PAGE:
From a distance, the place looks like a plantation. Up close, it is a rectangular plot of land, spread over rolling hillocks as far as the eye can see, dotted with low-slung acacia trees and bound by a fence of barbed wire. Beneath its clay surface are hidden hundreds of kilogrammes of what local residents say is nuclear waste. Right behind this ‘nuclear landfill’ is a sprawling compound, consisting of many abandoned military-style residential barracks, a functioning primary school for boys and a mosque. The barracks, all locked and sealed, contain hundreds of barrels of nuclear waste, claim residents of the area. Less than one kilometre to the south of these two sites are a few abandoned uranium mines, now submerged under rainwater. The barracks and the compound once served as residences for officials – and their families – who supervised uranium mining. According to claims by the locals, more nuclear waste is buried deep in the abandoned mines.
These three sites together sprawl over 1,200 acres of land now guarded by a contingent of a local tribal force called the Border Military Police. The Pakistan Atomic Energy Commission (PAEC) acquired the land in 1977 to mine uranium. With less than a kilometre from each of these sites are located about eight small settlements which together are called Baghalchur, home to more than 5,000 people. Located in the heart of Sulaiman Range about 40 kilometres north-west of Dera Ghazi Khan town, the area is quite easily one of the most backward places in Pakistan. Only a dirt track links it to Dera Ghazi Khan town and a couple of four-wheel vans that run only once a day each are the sole mode of transportation. There are no healthcare facilities in Baghalchur nor are there any educational institutions, except the primary school which operates right next to the dumped nuclear waste.
On the other hand, it is here that a part of Pakistan’s nuclear success story was created. Sources in the PAEC and media reports say that mines in the area were providing 25,000 kilogrammes of uranium ore, known as ‘yellowcake’ in nuclear language, every year to different plants and enrichment facilities working in connection with the country’s nuclear weapons programme. “Baghalchur provided large amounts of uranium to the country for its progress and safety but the only thing the local people have received in return is nuclear waste,” says Lal Muhammad Buzdar, a senior Baghalchur resident. In November of 1999, the PAEC closed down the Baghalchur mines because they had run out of uranium deposits, media reports say. Since then, nuclear authorities have used the site as a dumping ground for nuclear waste produced elsewhere in the country, complain local residents. “Barrels containing nuclear waste brought from Dera Ghazi Khan, Mianwali and other parts of Punjab were initially dumped in the open,” says Buzdar.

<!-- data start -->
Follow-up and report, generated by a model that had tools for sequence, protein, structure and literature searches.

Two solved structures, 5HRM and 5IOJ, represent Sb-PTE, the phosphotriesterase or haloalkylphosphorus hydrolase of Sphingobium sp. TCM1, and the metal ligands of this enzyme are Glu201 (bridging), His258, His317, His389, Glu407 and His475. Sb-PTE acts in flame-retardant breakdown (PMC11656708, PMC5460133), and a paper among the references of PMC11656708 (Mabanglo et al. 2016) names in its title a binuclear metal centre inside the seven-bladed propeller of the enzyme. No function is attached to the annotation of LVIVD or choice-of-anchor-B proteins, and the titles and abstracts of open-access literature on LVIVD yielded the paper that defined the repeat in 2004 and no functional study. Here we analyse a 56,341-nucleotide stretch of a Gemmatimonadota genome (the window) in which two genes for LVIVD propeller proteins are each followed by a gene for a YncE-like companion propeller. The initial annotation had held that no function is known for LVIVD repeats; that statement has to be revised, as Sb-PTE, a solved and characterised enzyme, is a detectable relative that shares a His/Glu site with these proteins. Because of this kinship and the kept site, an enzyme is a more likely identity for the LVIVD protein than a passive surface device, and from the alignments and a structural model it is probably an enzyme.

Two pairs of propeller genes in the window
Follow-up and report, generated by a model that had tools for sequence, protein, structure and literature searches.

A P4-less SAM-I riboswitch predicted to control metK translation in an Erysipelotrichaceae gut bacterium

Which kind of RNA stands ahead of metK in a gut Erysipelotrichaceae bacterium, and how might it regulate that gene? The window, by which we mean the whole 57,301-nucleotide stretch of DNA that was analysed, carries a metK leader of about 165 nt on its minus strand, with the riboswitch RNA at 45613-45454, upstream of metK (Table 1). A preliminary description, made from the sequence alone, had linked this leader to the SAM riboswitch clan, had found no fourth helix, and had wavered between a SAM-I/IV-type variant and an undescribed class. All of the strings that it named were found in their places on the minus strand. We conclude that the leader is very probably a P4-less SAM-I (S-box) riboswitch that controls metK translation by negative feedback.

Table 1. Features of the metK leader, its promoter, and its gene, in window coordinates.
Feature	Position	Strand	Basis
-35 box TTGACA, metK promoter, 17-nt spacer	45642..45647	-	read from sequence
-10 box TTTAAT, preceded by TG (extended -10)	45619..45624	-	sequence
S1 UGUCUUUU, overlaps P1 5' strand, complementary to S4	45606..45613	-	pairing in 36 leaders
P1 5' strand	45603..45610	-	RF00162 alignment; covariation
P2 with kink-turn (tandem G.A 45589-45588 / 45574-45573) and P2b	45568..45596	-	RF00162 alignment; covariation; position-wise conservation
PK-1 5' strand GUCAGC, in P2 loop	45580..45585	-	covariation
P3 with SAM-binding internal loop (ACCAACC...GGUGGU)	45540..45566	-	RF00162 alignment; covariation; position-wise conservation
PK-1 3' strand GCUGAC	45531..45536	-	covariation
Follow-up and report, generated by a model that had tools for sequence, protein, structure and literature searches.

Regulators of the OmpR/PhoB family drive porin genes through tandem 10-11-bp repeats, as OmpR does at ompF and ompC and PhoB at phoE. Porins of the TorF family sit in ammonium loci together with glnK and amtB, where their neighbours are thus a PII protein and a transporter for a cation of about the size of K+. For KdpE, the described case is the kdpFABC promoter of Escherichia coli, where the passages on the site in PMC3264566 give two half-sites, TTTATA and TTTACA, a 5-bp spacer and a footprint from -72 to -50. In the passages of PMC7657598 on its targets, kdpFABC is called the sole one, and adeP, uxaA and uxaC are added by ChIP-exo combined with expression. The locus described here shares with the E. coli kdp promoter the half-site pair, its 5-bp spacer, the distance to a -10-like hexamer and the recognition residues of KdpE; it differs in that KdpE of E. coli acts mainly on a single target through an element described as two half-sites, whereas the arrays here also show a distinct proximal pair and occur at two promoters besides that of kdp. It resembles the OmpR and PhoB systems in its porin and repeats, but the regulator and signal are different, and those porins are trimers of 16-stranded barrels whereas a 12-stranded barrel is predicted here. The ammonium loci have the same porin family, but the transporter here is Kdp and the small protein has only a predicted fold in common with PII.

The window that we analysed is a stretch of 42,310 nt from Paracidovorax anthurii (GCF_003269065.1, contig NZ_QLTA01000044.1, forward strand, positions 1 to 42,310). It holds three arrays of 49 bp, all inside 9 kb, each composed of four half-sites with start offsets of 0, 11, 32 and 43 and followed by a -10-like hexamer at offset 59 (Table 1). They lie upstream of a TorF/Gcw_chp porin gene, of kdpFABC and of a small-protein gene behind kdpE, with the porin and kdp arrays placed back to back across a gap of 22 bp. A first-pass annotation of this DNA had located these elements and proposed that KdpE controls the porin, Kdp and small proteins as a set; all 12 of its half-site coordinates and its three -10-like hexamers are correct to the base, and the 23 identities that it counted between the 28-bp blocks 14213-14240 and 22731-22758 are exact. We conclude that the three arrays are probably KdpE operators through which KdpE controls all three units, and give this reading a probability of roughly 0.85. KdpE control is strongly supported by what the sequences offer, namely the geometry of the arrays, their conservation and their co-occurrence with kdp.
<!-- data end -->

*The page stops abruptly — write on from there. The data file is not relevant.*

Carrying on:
In 2005, people from Baghalchur moved the district and sessions court in Dera Ghazi Khan against the dumping of the waste. The court later referred the case to the Supreme Court of Pakistan which in March 2006 ordered the then deputy attorney general Naheed Mehboob Elahi to contact the PAEC and submit a report to the court. “We do not know what happened next,” says Nazeer Chandio, one of the local people pursuing the case. “Did the deputy attorney general submit any report? And if he did, what were its contents? We do not know any of these things,” he tells the Herald.